Earthquakes are the result of plate tectonics, or shifting plates in the crust of Earth, and quakes occur when the frictional stress of gliding plate boundaries builds and causes failure at a fault line. In an earthquake, elastic strain energy is released and waves radiate, shaking the ground. Scientists can predict where major temblors might occur in a general sense, but research does not yet allow forecasts for specific locations or accurate predictions of timing. Major earthquakes, some generating tsunamis, have leveled entire cities and affected whole countries. Relatively minor earthquakes can also be induced, or caused by human activity, including extraction of minerals from Earth and the collapse of large buildings.
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Latest Articles

Oklahoma's Surge in Earthquakes Due to Oil Production
A 2011 magnitude-5.6 quake near Prague, Okla., buckled U.S. Highway 62.
June 18th, 2015
Oklahoma is not known for its earthquakes, but in recent years episodes of ground shaking have surged, with the U.S. Geological Survey releasing a rare warning last May saying the risk of a damaging earthquake in Oklahoma had significantly increased.
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Seismic Risk? Research Addresses Dangers of Older Concrete Buildings in U.S.
napa earthquake, damage
June 13th, 2015
Old concrete is not known for standing up to earthquakes, but retrofits made with carbon fiber and shape memory alloy may change that assumption.
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'Crazy Craters' Found in Swiss Lake
crazy crater
May 19th, 2015
Four giant craters were discovered on the floor of Switzerland's Lake Neuchâtel.
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Giant 'Earth Stethoscope' Spies on Planet's Wonky Behavior
Chelyabinsk Meteor Soars
June 17th, 2015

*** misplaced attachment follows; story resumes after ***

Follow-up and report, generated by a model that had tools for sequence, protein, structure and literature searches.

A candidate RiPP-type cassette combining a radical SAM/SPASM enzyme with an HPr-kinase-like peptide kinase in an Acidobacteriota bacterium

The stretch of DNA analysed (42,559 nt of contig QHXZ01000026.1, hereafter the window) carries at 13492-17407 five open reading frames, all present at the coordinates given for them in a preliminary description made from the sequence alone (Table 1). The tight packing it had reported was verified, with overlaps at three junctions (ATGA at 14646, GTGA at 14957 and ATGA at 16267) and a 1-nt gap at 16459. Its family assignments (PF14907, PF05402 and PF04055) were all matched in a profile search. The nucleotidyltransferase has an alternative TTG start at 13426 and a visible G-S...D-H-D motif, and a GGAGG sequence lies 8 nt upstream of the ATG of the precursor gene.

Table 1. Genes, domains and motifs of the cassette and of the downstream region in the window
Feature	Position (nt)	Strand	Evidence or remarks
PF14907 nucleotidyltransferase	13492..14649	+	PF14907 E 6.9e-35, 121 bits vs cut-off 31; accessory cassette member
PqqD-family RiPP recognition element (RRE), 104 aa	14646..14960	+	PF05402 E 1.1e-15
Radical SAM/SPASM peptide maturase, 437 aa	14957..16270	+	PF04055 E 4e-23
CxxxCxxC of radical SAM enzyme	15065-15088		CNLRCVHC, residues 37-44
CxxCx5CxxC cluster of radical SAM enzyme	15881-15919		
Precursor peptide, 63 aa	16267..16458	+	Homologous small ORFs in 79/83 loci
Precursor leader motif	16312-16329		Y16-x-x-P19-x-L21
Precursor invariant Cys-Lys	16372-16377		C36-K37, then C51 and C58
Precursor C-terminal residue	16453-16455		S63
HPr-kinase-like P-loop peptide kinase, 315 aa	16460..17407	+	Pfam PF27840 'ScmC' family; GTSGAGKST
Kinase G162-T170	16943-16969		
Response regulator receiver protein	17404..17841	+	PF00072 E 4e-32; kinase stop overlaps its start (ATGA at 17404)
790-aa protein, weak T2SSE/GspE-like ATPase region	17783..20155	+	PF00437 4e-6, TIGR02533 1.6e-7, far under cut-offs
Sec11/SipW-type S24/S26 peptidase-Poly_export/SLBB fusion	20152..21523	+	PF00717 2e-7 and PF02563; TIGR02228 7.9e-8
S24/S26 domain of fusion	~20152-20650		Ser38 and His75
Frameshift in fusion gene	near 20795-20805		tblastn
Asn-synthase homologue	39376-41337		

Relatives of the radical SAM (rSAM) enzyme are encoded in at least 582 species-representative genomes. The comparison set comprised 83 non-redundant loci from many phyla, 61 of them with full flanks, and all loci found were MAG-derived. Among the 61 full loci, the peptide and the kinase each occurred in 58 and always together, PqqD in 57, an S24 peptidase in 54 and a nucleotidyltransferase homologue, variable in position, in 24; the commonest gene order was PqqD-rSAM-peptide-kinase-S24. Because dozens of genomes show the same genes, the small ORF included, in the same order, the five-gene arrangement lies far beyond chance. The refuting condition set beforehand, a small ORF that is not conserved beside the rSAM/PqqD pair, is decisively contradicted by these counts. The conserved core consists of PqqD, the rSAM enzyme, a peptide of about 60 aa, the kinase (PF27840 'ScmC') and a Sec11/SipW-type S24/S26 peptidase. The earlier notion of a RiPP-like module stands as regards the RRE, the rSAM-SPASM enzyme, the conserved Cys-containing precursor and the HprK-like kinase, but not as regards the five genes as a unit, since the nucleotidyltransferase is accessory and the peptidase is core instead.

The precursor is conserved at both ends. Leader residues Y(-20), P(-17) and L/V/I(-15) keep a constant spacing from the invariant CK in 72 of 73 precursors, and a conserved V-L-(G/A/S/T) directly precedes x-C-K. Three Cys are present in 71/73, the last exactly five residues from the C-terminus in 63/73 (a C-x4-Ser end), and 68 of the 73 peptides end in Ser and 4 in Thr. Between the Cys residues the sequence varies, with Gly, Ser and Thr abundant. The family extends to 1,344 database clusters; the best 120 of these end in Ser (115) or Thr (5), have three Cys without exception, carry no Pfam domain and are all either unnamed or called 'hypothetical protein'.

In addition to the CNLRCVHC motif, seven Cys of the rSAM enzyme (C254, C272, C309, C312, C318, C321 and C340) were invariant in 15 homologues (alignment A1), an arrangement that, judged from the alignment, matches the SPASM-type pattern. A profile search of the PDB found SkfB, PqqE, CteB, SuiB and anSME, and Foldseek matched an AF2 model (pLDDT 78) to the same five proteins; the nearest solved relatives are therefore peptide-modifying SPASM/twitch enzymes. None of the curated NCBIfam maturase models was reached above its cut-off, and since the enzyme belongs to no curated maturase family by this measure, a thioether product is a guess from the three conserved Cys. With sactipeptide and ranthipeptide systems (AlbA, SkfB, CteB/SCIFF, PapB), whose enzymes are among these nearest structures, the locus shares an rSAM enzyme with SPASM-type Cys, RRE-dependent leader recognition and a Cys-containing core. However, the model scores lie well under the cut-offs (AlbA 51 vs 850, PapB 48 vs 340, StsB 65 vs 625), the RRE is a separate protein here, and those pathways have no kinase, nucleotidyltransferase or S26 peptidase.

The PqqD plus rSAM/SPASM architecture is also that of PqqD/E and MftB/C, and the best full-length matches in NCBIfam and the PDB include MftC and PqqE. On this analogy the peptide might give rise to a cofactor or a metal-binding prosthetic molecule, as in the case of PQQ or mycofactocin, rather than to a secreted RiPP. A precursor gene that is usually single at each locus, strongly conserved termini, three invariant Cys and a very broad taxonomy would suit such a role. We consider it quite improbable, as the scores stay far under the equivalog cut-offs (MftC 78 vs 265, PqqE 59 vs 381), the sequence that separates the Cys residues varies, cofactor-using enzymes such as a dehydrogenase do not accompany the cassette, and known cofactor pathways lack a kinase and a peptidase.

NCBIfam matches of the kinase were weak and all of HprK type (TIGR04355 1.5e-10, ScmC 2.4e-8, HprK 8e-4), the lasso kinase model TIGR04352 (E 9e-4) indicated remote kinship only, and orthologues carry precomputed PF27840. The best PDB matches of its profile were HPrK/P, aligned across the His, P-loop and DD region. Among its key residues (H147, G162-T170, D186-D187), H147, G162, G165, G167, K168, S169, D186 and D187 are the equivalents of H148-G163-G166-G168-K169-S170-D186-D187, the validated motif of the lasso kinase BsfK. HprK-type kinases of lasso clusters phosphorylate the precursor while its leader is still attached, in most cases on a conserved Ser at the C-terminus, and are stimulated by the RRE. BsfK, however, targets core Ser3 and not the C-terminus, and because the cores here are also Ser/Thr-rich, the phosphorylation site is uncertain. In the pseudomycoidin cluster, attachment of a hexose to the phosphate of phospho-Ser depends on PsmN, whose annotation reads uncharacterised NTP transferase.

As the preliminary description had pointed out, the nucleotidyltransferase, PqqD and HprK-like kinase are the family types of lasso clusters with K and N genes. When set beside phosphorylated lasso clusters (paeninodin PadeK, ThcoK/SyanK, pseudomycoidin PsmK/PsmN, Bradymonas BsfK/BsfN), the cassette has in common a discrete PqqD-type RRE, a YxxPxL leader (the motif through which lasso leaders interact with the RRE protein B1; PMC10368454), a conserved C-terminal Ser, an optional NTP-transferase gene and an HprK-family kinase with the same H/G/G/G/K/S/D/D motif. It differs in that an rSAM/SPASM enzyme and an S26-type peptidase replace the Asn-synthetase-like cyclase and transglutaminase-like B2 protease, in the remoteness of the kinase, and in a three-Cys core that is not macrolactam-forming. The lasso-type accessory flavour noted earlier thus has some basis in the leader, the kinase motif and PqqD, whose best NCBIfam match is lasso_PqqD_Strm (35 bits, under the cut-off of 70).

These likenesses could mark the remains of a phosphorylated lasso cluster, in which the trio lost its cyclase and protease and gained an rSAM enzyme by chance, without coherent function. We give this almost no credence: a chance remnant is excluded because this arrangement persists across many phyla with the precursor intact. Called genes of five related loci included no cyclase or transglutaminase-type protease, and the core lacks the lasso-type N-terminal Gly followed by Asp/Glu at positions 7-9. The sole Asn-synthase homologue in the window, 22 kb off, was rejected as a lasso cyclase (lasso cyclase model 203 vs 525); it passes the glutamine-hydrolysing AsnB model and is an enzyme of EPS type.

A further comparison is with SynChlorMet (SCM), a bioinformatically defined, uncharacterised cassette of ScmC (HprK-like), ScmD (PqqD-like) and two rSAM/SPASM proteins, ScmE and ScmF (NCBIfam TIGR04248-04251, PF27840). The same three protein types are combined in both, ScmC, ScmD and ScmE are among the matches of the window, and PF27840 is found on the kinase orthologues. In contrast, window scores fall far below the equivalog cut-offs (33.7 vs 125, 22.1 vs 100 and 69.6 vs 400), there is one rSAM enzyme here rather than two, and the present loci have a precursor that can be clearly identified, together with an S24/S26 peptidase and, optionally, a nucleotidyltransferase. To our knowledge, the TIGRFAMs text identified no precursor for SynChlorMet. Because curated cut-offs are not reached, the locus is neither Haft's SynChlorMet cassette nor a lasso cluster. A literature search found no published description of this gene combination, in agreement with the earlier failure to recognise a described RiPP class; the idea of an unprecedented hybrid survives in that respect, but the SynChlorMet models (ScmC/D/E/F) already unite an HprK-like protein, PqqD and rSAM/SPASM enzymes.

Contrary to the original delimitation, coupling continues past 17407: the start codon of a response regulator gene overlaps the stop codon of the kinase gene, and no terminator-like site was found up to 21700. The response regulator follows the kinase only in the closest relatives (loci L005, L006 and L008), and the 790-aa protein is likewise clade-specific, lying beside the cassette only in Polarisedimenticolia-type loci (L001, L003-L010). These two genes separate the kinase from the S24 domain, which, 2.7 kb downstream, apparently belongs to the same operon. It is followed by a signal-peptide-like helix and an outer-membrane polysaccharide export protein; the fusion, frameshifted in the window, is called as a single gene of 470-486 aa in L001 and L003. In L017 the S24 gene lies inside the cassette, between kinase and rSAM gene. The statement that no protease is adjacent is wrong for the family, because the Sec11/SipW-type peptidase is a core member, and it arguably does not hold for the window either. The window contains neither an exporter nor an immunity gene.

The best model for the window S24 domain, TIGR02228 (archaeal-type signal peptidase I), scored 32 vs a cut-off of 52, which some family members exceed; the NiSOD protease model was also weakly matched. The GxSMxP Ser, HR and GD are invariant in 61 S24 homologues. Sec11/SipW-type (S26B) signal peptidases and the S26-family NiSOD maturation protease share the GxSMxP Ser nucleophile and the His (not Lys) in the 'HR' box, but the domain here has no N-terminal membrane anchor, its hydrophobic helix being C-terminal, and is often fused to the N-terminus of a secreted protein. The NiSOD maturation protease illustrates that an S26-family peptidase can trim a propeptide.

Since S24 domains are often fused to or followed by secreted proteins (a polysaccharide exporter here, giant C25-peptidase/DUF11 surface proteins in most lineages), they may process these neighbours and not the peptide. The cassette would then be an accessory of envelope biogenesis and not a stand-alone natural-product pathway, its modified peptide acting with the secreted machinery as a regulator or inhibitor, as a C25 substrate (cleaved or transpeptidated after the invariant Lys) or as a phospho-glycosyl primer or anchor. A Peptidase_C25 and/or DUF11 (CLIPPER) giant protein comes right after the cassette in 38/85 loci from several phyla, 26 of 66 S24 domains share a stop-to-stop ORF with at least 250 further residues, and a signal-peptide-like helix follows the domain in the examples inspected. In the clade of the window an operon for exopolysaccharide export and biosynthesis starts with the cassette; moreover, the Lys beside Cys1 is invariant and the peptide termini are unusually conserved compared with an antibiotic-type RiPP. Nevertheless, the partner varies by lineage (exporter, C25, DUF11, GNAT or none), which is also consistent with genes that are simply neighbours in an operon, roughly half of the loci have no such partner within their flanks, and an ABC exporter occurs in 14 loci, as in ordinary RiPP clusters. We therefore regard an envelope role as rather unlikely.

The planet is crawling with tiny spies: Hidden undersea microphones, instrument-clad satellites and infrared cameras are listening, watching and smelling all the action on planet Earth, from a migrating whale to a meteor crash.
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Tiny 'Crystal Cushion' Drives Earthquakes
Created with NASA data, this image shows a segment of the San Andreas Fault in California, a tectonic boundary between the North American and Pacific plates.
May 19th, 2015
Earthquakes are some of the largest-scale and most-destructive events on the planet, involving plates of the Earth's crust hundreds of miles across. But new research shows that the physics of Lilliputians govern this shuddering of giants.
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After Nepal Earthquake, Radar Saves Lives in a Heartbeat
Nepal earthquake
May 8th, 2015
Radar waves helped search and rescue teams find and save four people trapped in collapsed buildings after the Nepal earthquake.
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Mount Everest Moves 1 Inch After Earthquake
image of the Himalayas, including Mount Everest, taken from the International Space Station.
June 16th, 2015
The incredible energy unleashed by the magnitude-7.8 earthquake that hit Nepal on April 25 moved Mount Everest, the world's tallest peak, more than an inch to the southwest.
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Continental Collision Could Trigger California Tsunami
carlifornia borderlands area
June 1st, 2015
A network of undersea faults off the coast of Southern California could produce huge quakes that could send tsunami waves crashing into Los Angeles, new research suggests.
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7.3-Magnitude Aftershock: Landslides Pose New Threat to Nepal
May 12th, 2015
The powerful aftershock that struck Nepal today (May 12) could trigger deadly landslides on slopes already weakened by the April 25 earthquake, experts said.
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